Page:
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A salute to television's most underrated sitcom performers

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Star Tribune (Minneapolis) (MCT)- Rodney Dangerfield wasn't the only comic to get no respect. Some of the finest work in sitcoms today is being turned in by people who don't earn Emmy nominations, don't grace magazine covers, don't get multimillion-dollar movie deals _ and provide the deepest laughs on the air.

Highlights

By Neal Justin
McClatchy Newspapers (www.mctdirect.com)
3/16/2009 (1 decade ago)

Published in TV

Here are five performers who deserve some extra love.

_KALEY CUOCO

The role: Penny, the not-so-ditsy blonde neighbor on "The Big Bang Theory" (8 p.m. Mondays, CBS)

Where you've seen her before: "Eight Simple Rules for Dating My Teenage Daughter" and "Charmed."

Why we love her: She's a knockout _ as a comic. Obviously she's spent more time studying the true greats (Lucille Ball, Mary Tyler Moore, Carol Burnett) than trying to perfect a Suzanne Somers impression, which is why there's more than Thighmaster commercials in her future.

In her own words: "The role did start out as 'the girl next door,' but they've been writing some really great, fun stuff for me. She's a real girl. She's smart in her own way and I think she represents the audience, looking at these guys who are so different than what we're all used to."

Betcha didn't know: A highly ranked amateur tennis player as a teen, she now gets her athletic buzz in a Ping-Pong contest backstage.

_BRIE LARSON

The role: Kate, girl with four mothers-in-one on "United States of Tara" (10 p.m. Sundays, Showtime).

Where you've seen her before: "Raising Dad" and "The Babysitter."

Why we love her: Toni Collette gets all the raves for juggling multiple personalities, but Larson connects with just one captivating character: a pouty, perplexed teenager who somehow doesn't make us want to lock her in the closet.

In her own words: "She's a teenage girl, who is extremely smart in ways that her family doesn't quite understand, because she's so manipulative in taking what a lot of kids do when they pity themselves, and they're always trying to find something in their families that is wrong, so they can use it to act out. In her case, it's kind of a more extreme example."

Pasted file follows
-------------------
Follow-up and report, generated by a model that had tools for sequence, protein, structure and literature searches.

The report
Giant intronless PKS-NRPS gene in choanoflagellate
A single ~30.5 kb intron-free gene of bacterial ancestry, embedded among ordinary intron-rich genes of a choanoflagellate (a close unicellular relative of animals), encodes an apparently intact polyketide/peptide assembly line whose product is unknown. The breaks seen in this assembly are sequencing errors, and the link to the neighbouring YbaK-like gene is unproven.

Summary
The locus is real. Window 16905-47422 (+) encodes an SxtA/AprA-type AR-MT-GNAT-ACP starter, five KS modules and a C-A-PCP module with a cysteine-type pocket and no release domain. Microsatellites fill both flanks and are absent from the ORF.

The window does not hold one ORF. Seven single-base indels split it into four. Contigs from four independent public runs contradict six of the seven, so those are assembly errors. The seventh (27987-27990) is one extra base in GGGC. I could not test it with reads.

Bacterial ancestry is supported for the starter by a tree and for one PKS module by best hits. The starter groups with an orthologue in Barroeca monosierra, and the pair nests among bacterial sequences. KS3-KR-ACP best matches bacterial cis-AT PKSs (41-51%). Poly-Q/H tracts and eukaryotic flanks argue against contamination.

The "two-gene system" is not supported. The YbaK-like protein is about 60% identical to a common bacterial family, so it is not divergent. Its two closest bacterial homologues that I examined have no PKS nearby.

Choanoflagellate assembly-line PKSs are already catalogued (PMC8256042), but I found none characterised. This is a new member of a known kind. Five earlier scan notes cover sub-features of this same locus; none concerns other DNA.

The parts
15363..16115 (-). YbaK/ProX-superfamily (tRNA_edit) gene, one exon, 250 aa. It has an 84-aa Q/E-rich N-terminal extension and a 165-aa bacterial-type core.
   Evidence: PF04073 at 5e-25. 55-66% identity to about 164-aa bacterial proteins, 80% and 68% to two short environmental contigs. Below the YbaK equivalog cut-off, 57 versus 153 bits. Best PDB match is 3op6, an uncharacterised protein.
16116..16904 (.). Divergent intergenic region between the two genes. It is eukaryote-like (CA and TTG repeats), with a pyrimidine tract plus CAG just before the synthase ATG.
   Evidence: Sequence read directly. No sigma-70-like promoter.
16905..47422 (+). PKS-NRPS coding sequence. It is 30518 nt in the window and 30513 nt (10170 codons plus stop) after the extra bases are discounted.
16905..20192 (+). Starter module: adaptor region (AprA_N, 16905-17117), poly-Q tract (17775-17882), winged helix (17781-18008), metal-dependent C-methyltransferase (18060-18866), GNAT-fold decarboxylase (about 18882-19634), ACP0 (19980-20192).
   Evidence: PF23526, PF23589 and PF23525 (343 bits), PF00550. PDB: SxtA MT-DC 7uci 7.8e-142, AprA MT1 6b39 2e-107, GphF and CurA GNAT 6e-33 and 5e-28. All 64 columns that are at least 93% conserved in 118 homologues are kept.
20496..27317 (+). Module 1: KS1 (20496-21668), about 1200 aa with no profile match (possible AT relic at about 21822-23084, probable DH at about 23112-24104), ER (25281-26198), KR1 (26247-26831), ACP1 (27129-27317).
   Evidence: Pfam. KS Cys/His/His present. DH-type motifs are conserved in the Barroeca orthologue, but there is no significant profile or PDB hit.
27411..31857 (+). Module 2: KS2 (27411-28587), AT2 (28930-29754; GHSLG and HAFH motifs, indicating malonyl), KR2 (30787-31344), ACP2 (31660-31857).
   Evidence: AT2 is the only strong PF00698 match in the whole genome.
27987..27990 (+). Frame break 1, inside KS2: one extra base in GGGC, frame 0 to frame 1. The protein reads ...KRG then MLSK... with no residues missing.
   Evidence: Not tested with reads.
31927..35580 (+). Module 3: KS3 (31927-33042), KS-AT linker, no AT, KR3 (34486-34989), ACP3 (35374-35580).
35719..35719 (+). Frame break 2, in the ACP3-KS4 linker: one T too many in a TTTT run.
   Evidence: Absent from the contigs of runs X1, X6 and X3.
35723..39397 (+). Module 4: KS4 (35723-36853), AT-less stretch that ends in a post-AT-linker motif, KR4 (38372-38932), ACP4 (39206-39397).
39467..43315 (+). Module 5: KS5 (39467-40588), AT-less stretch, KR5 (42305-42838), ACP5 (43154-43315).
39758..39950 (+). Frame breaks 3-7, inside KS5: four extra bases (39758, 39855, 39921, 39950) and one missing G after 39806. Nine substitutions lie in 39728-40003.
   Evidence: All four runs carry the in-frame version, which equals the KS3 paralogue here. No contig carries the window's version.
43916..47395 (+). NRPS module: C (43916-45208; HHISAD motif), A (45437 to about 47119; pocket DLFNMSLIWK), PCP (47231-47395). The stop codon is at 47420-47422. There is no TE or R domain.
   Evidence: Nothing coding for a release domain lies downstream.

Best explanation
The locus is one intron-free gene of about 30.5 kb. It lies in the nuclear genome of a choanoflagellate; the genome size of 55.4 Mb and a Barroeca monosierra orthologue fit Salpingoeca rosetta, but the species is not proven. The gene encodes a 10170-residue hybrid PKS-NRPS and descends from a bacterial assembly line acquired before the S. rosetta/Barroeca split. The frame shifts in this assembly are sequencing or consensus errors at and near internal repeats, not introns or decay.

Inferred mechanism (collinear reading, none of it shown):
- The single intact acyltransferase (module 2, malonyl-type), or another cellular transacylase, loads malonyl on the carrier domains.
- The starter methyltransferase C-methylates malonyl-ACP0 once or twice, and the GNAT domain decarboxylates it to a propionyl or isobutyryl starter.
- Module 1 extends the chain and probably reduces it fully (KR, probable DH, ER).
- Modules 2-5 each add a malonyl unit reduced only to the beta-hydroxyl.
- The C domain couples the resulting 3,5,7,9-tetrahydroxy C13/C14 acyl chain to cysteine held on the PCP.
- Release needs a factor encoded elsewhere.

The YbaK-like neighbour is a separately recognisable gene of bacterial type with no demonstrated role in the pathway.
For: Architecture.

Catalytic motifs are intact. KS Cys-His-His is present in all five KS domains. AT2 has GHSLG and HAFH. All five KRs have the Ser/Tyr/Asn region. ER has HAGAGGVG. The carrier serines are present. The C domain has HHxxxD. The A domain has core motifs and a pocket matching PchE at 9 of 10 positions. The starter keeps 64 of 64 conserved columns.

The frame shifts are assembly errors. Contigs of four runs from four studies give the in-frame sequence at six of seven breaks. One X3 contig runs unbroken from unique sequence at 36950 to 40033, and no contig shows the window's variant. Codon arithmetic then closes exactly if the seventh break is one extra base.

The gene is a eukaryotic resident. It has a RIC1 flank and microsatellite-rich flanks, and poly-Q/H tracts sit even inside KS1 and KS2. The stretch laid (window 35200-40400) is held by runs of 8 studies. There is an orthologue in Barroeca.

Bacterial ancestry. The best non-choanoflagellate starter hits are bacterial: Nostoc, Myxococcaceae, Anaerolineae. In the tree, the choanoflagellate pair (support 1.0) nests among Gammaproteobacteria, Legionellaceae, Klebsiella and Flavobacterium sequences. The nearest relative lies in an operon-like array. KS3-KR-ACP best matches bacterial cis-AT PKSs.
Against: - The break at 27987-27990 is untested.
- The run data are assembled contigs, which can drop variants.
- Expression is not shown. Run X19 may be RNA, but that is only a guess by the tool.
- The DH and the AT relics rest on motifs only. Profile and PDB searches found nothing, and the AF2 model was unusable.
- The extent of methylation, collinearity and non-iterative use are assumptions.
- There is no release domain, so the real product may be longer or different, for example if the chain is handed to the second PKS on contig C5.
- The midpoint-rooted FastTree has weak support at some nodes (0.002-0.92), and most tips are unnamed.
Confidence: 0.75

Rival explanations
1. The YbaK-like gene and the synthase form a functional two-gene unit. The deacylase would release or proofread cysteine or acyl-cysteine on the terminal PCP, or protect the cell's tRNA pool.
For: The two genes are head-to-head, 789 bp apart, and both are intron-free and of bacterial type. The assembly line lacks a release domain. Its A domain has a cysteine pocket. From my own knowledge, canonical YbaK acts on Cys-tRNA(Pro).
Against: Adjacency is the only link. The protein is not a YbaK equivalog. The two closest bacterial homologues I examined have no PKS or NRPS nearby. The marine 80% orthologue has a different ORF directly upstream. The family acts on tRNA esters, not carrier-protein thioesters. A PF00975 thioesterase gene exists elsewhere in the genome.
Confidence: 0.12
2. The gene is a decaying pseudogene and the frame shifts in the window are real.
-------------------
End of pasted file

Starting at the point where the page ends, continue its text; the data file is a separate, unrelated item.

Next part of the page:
Betcha didn't know: She loves "Tara" writer Diablo Cody, but hasn't seen Cody's Oscar-winning debut, "Juno."

_RHYS DARBY

The role: Murray, the eternally optimistic band manager of "Flight of the Conchords" (10 p.m. Sundays, HBO).

Where you've seen him before: "Yes Man" and, if you're lucky, standup stages across New Zealand and Britain.

Why we love him: He's a modern-day version of the Partridge Family's Reuben Kincaid _ except with two Dannys on his hands.

In his own words: As he told the Onion, "I thought, 'People aren't going to like my character, because he's so different. If they're really into these cool-looking idiots, they're not going to like this other idiot who kind of gets in the way and is always uptight' ... I guess because it's the opposite side of the seesaw, it just fits in perfectly."

Betcha didn't know: He played Roger Federer's coach in a Nike commercial.

_GLENN QUAGMIRE

The role: Quagmire, the most politically incorrect, perverted friend of the "Family Guy" (9 p.m. Sundays, Fox). His voice sounds an awful lot like series creator Seth MacFarlane.

Where you've seen him before: Sitting in a van across the street from your local elementary school.

Why we love him: Um, love may not be the right word. But when we're looking for cutting-edge, PG-37 humor, he's thrust ahead of Cartman as our go-to guy.

In his own words: "Thrust! You said thrust! Giggity!"

Betcha didn't know: His favorite TV show is "Wings."

_HAMISH LINKLATER

The role: Matthew, the sometimes bemused, always baffled brother in "The New Adventures of Old Christine" (8 p.m. Wednesdays, CBS)

Where you've seen him before: "Gideon's Crossing" and "American Dreams."

Why we love him: As co-star Julia Louis-Dreyfus tears into comedy at a screeching pitch, he goes the opposite direction, taking low-key to a level no grand piano could reach.

In his own words: "I like putting constraints on characters," he told the New York Times. "Working from the outside to in. The tighter the restraints, the more gymnastics you can do."

Betcha didn't know: He co-created a pilot for ABC, "The Prince of Motor City," starring Aidan Quinn and Andie MacDowell, but it's still up in the air whether the network will pick it up as a series.

___

© 2009, Star Tribune (Minneapolis)



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